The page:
Regardless of your profession or vocation, there are probably times when you feel overwhelmed by the amount of information available to you. Living in an age when data is as accessible as your keyboard, tablet or smart phone, learning to manage data is often the key to success. The term “financial dashboard” was probably coined about 10 years ago, and since then has become a much-touted solution for business owners and individual investors who are keen to get a better grasp on important financial data. If you are interested in setting up a dashboard, here are some considerations to help you devise an effective model.
1. What is a financial dashboard?
It is a visual display of the most important information you need to achieve one or more objectives. A dashboard displays this key data on a single screen so you can review and monitor it at a glance. Depending on its goal(s), the dashboard may show sales results, cost of doing business, profit margins, performance of top performing stores/salespersons, etc. Dashboards can provide users with a range of information in one place, and can speed decision-making and improve overall growth/productivity. Some investors use them to track how their finances are faring – savings and investments, debt/mortgage reduction, 401(k) accounts, etc.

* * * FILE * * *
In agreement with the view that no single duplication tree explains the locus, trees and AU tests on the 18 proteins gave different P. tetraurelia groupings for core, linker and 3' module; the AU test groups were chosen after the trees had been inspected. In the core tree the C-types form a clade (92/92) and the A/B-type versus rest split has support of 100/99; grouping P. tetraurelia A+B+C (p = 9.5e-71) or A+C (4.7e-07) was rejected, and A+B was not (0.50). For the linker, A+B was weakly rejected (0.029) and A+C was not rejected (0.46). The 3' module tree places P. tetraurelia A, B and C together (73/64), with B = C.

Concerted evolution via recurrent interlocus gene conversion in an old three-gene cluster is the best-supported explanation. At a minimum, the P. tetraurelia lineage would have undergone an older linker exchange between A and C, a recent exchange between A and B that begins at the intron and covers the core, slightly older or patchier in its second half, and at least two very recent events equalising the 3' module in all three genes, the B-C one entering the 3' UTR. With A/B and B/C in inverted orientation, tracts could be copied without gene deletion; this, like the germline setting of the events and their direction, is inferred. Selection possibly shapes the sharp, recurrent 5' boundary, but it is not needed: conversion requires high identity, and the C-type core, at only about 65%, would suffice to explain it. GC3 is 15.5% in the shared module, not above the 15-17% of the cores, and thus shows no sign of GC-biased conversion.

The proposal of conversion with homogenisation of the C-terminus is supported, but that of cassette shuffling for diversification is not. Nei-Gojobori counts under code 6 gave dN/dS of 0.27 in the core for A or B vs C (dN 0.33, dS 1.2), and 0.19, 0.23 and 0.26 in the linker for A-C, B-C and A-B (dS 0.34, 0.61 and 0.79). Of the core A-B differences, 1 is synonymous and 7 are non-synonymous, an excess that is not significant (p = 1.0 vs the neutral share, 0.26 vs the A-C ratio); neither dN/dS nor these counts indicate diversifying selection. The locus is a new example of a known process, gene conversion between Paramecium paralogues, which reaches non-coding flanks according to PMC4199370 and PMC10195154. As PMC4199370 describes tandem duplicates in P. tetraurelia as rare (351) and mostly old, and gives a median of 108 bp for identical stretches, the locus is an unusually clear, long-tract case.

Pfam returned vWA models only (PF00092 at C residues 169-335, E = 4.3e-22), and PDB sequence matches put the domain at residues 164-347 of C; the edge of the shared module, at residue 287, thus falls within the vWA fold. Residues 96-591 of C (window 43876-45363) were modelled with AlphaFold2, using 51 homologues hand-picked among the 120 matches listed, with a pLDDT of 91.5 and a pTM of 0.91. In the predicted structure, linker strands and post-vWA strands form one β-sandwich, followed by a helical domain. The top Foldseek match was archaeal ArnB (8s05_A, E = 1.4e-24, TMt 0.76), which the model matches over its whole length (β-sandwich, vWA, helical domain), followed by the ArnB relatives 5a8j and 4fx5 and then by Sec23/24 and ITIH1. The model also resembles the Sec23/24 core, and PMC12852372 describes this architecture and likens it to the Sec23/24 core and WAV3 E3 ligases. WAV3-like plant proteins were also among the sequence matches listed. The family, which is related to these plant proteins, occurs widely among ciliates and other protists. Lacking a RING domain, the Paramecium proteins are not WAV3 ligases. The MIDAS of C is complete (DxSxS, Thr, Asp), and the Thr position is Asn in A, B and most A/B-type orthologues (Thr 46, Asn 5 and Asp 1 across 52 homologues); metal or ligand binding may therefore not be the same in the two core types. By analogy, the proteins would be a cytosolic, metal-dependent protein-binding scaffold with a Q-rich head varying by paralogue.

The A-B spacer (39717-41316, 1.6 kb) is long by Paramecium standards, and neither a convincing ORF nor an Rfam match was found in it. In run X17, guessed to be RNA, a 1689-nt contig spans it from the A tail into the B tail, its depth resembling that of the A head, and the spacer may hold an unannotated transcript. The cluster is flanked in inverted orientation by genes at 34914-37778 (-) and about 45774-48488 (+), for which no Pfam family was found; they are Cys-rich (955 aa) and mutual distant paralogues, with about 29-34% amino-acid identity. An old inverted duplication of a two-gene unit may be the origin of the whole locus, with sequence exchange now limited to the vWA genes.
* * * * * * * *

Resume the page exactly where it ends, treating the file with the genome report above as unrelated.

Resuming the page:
2. Chose the right metrics
It’s vital to include the metrics that are the most relevant and useful to your goals, and to be selective in determining which ones belong on the dashboard. For example, if you are in a highly competitive business sector and your goal is to grow the business without cutting into profit margins, you might wish to include data on return-on-investment (ROI) and include market share updates from a third-party provider, as well as track your new customers/orders, repeat business data, most profitable goods/services, and sales growth. Every item on the dashboard should support your goal(s) and be a leading indicator of progress toward that goal. Done properly, a financial dashboard will let your employees see how their respective goals play into the company’s overall business goals.
3. Keep the graphics clear, simple, and readable
It might be tempting to get creative with the visuals, but don’t. Make conservative use of different colors, shapes and lines to highlight bar graphs, heat maps and pie charts. The goal here is to make the graphics easy to read. Avoid clutter and the temptation to overdesign.
4. Keep it up-to-date and accurate
Determine the appropriate time frame for your dashboard updates – hourly, daily, weekly, monthly. This will depend on the nature of your business and the availability of accurate data. You might not need absolutely up-to-the minute data, but whatever is displayed must be sufficiently time sensitive to be genuinely useful for assessing whatever you have chosen to measure.
5. Chose the best distribution for your needs
Publishing to the web is perhaps the most common form of distribution when you are providing data for sharing and collaborating across your company. This allows dashboards to be easily updated and to ensure adherence to the IT protocols and Internet security policies you have established. If your distribution is small, you can post your dashboard files on your password-protected website. However, this method is more likely to create synchronization or security issues.
Many different people use financial dashboards for a variety of needs. They are a popular tool. If you decide to embark on designing one, keep it simple as well as easy to maintain and update.